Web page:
Is it perfect? Hell no. Plotholes galore and a weird focus on American and British cultural sensibilities regarding the human race were striking me as odd. Was there any warship in the alliance fleet that didn't have the name of a city either the US or England had a battle at? Why was Shepard named after the second man in space? I assume it would have been to much to ask from mainstream US audience to play {insert first name} Gagarin? I don't remember encountering all that many humans of Asian, Latin American or African descent apart from some token NPC. My office has more racial diversity than Mass Effects crew and I'm not on an intergalactic spaceship. Kai something who is supposed to be Gagar... eh sorry, Shepards Nemesis in ME3 is Asian, but he's just a puppet for the invisible man who of course has to be white US-American.

Human chauvinism goes all the way through from ME1 to 3. Without humans the galaxy would be going to hell anyway it seems. Humans bully their way onto the council in record time and are still not contempt. Without "us" the races of the galaxy could never work together it seems, with the council being as blind and stupid as the republican tea-party considers Washington to be I guess. The only alien races that are shown as truly competent in warfare are the Turians (btw.: "we" beat them already) and the Krogans. All the other races crash and burn as soon as the reapers show up. The oh-so powerful Asari can't withstand a reaper invasion for a fraction of the time the humans on Earth hold out. On the other hand they gave the reapers their strongest ground unit yet in form of the banshee. Well done.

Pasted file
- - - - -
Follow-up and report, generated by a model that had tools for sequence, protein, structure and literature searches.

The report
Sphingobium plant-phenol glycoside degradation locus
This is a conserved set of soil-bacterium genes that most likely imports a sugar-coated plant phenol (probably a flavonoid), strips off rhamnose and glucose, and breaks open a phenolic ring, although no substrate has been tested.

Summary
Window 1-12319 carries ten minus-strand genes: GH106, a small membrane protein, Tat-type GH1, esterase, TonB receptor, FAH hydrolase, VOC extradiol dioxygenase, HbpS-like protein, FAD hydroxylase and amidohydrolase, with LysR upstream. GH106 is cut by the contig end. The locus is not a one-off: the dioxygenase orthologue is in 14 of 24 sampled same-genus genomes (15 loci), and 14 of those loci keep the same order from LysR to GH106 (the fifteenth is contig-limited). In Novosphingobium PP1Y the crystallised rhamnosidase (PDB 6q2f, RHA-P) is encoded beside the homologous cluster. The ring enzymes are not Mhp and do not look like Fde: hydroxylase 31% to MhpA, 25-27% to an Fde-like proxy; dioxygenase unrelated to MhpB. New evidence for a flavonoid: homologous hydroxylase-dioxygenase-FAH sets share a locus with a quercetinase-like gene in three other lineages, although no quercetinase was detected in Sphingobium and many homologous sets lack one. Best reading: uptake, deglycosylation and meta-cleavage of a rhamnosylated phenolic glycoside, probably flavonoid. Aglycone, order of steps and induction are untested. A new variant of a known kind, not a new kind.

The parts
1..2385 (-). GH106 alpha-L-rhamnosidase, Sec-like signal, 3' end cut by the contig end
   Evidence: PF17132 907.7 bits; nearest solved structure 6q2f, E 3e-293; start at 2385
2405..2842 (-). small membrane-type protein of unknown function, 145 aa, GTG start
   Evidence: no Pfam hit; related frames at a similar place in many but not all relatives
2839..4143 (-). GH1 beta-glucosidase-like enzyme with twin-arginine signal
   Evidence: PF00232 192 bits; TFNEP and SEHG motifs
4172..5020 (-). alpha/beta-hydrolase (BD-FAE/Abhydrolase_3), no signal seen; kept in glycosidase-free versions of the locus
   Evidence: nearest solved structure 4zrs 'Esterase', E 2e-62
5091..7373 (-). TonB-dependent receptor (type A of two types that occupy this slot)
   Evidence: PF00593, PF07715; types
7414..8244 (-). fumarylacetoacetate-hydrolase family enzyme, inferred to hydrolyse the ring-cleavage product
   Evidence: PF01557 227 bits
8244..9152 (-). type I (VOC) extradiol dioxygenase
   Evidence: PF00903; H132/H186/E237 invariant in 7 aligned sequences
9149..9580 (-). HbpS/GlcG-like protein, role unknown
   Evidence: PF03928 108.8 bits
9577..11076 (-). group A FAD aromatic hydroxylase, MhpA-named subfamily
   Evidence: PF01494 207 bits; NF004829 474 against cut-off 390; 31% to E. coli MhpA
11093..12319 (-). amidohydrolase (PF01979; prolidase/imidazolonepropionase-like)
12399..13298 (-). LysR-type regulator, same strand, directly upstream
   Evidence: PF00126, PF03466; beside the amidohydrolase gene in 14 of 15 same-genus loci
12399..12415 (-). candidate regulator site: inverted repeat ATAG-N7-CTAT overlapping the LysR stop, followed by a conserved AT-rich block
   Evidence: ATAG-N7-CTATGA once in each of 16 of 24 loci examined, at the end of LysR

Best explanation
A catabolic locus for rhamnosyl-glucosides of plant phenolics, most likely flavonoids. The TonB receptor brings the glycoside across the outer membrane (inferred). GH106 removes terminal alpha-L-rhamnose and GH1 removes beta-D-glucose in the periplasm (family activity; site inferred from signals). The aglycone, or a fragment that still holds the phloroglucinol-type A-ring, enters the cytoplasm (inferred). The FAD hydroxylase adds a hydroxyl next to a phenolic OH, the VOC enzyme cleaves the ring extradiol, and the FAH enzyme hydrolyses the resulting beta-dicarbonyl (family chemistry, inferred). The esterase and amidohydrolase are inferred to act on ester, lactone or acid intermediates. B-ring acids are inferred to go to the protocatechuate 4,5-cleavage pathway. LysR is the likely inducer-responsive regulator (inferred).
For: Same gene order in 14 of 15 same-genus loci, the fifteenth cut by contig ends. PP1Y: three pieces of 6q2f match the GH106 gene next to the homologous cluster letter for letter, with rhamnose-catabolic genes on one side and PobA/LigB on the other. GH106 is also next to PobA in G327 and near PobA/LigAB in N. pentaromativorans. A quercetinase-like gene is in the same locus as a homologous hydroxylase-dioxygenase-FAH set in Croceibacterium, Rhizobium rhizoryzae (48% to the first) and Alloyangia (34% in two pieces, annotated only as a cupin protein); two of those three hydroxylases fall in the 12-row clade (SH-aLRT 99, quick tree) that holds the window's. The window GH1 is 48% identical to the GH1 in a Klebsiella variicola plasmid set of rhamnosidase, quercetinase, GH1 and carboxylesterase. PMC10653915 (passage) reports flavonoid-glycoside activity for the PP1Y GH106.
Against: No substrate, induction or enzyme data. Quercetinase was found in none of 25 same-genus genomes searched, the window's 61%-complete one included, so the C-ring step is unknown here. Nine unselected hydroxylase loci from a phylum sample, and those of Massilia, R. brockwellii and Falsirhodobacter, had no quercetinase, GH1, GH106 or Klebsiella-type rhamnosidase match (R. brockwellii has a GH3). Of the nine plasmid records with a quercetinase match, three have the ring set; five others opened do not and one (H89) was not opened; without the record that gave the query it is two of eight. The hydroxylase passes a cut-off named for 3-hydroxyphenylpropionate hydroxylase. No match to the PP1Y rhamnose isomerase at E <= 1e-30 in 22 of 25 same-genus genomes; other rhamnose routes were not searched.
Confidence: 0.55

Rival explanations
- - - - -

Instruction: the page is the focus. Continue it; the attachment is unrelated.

Mass Effect is also a game that shows just how stupid boss battles are. Some of the worst moments in the Mass Effect series are boss battles. The battle at the end of ME2 for example? Or the moronic reaper-battle on Rannoch? It doesn't matter how sophisticated the game might have been, suddenly fighting a 'rule of 3'-battle (hit 3 times the red dot) or some other gamey-nonsense reminds me quite quickly that its just a game after all, instead of trying to be much more. Kai Lawn or whatever his name was, was one of the worst culprits with being depicted as some kind of badass, just to be underwhelmingly easy to deal with once the fighting starts. I didn't get hit once by him, only by his bloody helicopter. In the final fight against him the only threat were the waves of enemies falling from the roof or coming from the ground.